Foxtail is a weed that seems to be everywhere! Once you recognize what it looks like, you will see that it grows in lots of different places. When lawn maintenance is delayed, it will most surely appear, and it spreads quickly.
As foxtail spreads across your lawn, it competes for nutrients and sunlight that your grass needs. Unfortunately, watering speeds its growth too (as it does your lawn).
In this article, you will find out much more about foxtail, what it is, how it impacts your children and pets, how to treat it as a weed, how to head off its growth, how best to take care of your lawn so that growth of foxtail never begins in the first place — plus lots of encouragement on how best to take care of yourself as you care for your lawn and use herbicides for your lawn’s growth and health.
Some people read warnings and decide to enlist the help of their favorite yard professionals to take care of it for them as well — and there’s nothing wrong with that!
If you have this emerging problem in your yard, take action now! You will thank yourself later, and your children and pets will thank you too.
You will see that these weeds are much more difficult to kill than others, so the earlier in the process you can attack their growth, the easier it will be to save your lawn.
What Is Foxtail?
Foxtail gets its name from its head that resembles the tail of a fox. It can be found throughout North America.
Just as a fox might raid your hen house, you want to be on guard against foxtail. It can take over your lawn quickly and spread to wide areas of your property. A season of not taking care of your property in this way can lead to being overrun by this weed.
Foxtail is a nuisance for homeowners because of the tall weeds growing in large clumps in unwanted areas of your property. But the seed’s awns — sometimes called hairs and spikes — can be dangerous to you, your kids, and your pets’ health. Sometimes they can even be more harmful to pets and even threaten their health and safety.
Does that seem unusual for a weed that grows wild in a lawn to cause possible harm in your pet? Stay tuned for more details about your furry friends.
Know Your Foxtail
Three species of foxtail are most common: yellow foxtail (Setaria pumila or glauca), green foxtail (Setaria viridis), and giant foxtail (Setaria faberi).
These plants are very similar and all of them have the foxtail head. They can be found throughout North America and grow almost everywhere — whether undisturbed, natural growth or not.
Foxtail grasses grow in thick clusters. Green and yellow foxtails can grow from one to three feet tall. Giant foxtails can grow from three to seven feet high. These weeds stand out quickly when they are allowed to grow without control.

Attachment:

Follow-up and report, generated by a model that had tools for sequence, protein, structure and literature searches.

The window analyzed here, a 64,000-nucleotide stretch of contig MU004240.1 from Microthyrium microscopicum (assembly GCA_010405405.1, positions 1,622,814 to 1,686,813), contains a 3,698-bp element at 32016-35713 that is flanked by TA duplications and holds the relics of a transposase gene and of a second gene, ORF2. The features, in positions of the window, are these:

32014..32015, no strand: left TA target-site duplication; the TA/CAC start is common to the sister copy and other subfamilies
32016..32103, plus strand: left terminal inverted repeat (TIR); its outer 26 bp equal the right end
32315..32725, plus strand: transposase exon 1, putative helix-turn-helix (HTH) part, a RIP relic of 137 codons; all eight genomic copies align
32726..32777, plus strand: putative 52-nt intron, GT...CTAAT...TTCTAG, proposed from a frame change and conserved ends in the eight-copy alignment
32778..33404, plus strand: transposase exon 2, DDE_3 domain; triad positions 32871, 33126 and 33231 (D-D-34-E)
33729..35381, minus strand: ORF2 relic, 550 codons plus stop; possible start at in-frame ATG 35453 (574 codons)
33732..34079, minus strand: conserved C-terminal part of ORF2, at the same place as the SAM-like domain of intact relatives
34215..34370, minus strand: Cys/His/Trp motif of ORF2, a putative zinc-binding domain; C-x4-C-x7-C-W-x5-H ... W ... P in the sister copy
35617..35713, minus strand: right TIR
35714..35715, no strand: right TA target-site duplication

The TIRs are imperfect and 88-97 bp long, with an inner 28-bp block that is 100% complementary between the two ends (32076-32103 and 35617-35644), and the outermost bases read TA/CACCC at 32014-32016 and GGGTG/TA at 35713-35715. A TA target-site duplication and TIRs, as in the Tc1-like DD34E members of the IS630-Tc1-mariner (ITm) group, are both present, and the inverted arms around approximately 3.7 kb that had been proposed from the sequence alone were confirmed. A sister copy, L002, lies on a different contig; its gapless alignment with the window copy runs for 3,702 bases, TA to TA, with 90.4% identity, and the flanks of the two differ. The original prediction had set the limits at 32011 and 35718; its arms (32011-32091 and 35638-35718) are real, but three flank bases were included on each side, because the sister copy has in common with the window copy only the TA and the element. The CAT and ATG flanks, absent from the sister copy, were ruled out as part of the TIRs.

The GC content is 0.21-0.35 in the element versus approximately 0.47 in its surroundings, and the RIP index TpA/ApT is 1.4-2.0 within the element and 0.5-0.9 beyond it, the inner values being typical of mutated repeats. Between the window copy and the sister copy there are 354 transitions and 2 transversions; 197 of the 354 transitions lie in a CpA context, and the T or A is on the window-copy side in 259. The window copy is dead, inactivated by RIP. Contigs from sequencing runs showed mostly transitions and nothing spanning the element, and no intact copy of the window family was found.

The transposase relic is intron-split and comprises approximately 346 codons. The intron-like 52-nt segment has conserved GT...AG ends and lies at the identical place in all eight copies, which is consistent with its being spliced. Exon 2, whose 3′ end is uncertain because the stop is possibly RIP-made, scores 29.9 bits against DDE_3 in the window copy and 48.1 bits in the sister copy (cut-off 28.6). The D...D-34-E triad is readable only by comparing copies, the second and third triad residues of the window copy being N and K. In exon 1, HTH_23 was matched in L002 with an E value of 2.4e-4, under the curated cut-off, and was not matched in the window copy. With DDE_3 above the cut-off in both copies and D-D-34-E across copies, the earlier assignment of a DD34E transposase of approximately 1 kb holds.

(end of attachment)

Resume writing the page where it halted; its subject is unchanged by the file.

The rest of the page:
Their heads are actually full of seeds that will grow and spread more as they are spread throughout the air and carried off by pets and people and the wind to new locations throughout your property.
Foxtail blades are flat. Green and yellow foxtails are from a quarter-inch to a half-inch wide. Giant foxtails are a half-inch wide or larger. Yellow and giant foxtails have hairy blades. Green foxtail blades are smooth.
Yellow foxtail seed heads can grow three inches long and have short, coarse bristles. Green foxtail seed heads grow up to six inches long and have softer bristles.
Giant foxtail seed heads are droopy and grow three to seven inches long. You can imagine how these weeds growing in large clumps can cause your property to look unsightly and with their heads filled with seeds, they can spread and grow quickly.
Again, the seed head that resembles a foxtail is the most distinctive part of all three species. You should be able to identify them because of this unique feature. The seed becomes the focus of this discussion because of how the annoying plant sticks around.
Once you do notice these weeds, you will begin to see them everywhere. If you have one pet that is bothered by them, you will take special notice too.
Danger! Pets Beware
What can be annoying to adults and cause irritations and allergies in kids can be a problem for your pet.
Although they look harmless or even beautiful to some, this plant can cause health problems that are quite serious to your pets. You love your pets as members of your family and will want to protect them from foxtail weeds.